State workers are spending long hours every day intentionally making the pristine beaches in Hammonassett darker and smellier.
Hammonasset State Park is known for its beautiful beige beaches. But these days that is changing one black grain of sand at a time.
“The sand looks pretty dirty,” Madison resident Frank Jones said. “I notice when I'm down on the beach that there's a smell of oil in the air.”
Jones said he noticed the change a few weeks ago, when the state began bringing about 300,000 cubic yards of sediment from the Housatonic River to Hammonasset's west and middle beaches. Neighbors said they have complained about the new sand.
“This is very dark sand it's fenced off so we can't get up to it but it's very dark,” Naomi Denslow, of Madison, said. “If it's sand, it may be just sort of sludge.”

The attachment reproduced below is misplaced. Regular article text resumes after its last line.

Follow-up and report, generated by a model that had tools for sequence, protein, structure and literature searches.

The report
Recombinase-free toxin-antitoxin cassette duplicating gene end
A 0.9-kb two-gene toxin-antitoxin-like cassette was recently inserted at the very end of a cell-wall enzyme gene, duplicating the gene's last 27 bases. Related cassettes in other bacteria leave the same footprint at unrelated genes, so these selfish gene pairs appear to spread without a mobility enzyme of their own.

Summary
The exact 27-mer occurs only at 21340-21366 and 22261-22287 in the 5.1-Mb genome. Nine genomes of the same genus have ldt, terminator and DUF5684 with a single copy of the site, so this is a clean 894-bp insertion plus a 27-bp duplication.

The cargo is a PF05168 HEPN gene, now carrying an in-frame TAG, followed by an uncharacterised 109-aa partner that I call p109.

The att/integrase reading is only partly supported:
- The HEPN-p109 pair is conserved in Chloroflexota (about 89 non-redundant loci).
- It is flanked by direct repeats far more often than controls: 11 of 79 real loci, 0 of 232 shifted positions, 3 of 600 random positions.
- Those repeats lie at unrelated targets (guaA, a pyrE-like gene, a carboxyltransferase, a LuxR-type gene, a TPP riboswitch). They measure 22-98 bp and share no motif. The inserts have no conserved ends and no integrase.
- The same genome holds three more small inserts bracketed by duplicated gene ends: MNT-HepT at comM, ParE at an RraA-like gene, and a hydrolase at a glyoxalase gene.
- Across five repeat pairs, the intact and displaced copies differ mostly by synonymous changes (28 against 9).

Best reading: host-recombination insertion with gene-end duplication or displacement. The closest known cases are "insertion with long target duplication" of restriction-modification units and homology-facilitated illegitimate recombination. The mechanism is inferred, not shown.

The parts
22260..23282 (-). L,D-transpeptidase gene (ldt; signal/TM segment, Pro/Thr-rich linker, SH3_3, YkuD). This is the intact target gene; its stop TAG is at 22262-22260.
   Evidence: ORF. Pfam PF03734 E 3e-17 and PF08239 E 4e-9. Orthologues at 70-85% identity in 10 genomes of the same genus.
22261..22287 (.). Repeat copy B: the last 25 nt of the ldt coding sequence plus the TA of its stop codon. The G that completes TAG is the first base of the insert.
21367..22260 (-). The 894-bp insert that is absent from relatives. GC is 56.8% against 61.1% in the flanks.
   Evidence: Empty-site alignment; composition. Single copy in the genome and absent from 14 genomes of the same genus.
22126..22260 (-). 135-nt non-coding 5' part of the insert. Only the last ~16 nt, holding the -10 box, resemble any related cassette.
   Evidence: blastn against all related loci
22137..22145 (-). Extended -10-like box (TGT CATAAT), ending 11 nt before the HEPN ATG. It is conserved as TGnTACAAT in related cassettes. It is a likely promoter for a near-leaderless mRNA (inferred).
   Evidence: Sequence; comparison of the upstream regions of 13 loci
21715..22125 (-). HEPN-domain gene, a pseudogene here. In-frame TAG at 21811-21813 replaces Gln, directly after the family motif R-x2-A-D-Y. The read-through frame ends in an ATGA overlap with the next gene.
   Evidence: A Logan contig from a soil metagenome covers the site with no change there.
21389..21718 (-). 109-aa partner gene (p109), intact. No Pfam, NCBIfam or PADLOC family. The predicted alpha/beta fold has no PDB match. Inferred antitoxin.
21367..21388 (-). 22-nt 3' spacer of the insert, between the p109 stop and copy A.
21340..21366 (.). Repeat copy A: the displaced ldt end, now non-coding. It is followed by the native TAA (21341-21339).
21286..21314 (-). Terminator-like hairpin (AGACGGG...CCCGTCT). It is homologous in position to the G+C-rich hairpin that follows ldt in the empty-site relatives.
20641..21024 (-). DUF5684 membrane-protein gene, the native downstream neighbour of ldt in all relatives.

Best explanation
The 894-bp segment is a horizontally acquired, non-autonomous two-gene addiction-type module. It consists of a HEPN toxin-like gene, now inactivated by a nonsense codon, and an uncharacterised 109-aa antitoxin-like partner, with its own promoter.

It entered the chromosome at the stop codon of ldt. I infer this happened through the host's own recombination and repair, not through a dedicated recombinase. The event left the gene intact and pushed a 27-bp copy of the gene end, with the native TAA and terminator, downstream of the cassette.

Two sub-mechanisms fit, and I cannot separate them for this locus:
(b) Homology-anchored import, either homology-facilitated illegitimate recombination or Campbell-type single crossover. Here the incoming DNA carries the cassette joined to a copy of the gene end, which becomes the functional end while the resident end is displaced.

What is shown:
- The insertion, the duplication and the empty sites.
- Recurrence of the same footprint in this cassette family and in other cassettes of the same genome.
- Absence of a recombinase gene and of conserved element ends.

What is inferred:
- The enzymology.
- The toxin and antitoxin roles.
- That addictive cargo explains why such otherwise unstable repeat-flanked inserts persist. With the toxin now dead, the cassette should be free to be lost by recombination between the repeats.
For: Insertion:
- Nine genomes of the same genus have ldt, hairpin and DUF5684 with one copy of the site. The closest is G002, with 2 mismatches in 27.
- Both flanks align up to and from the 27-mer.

Connecticut Department of Energy & Environmental Protection officials said they understand the frustration but say the new sand here is necessary because of erosion.
“Hopefully it's being checked by the state to ensure that there are no adverse effects to life limb animal or people in the area,” Jones said.
A DEEP spokesman said all of the new sand has been tested and it's perfectly safe. State officials claim the sun will bleach the sand over time and the smell which neighbors describe as oily will dissipate. Folks, who live in the area, said they are counting down the days.
“If I were swimming in Hammonasset, I would not want to swim in an area that has black tar looking sand,” Denslow said.
DEEP officials said this kind of erosion project is necessary at Hammonasset every few years. This one will last until March.
Jones said he appreciates the state responding to our questions on Wednesday but he'll be monitoring the situation until the beaches are back to normal.
Copyright 2017 WFSB (Meredith Corporation). All rights reserved.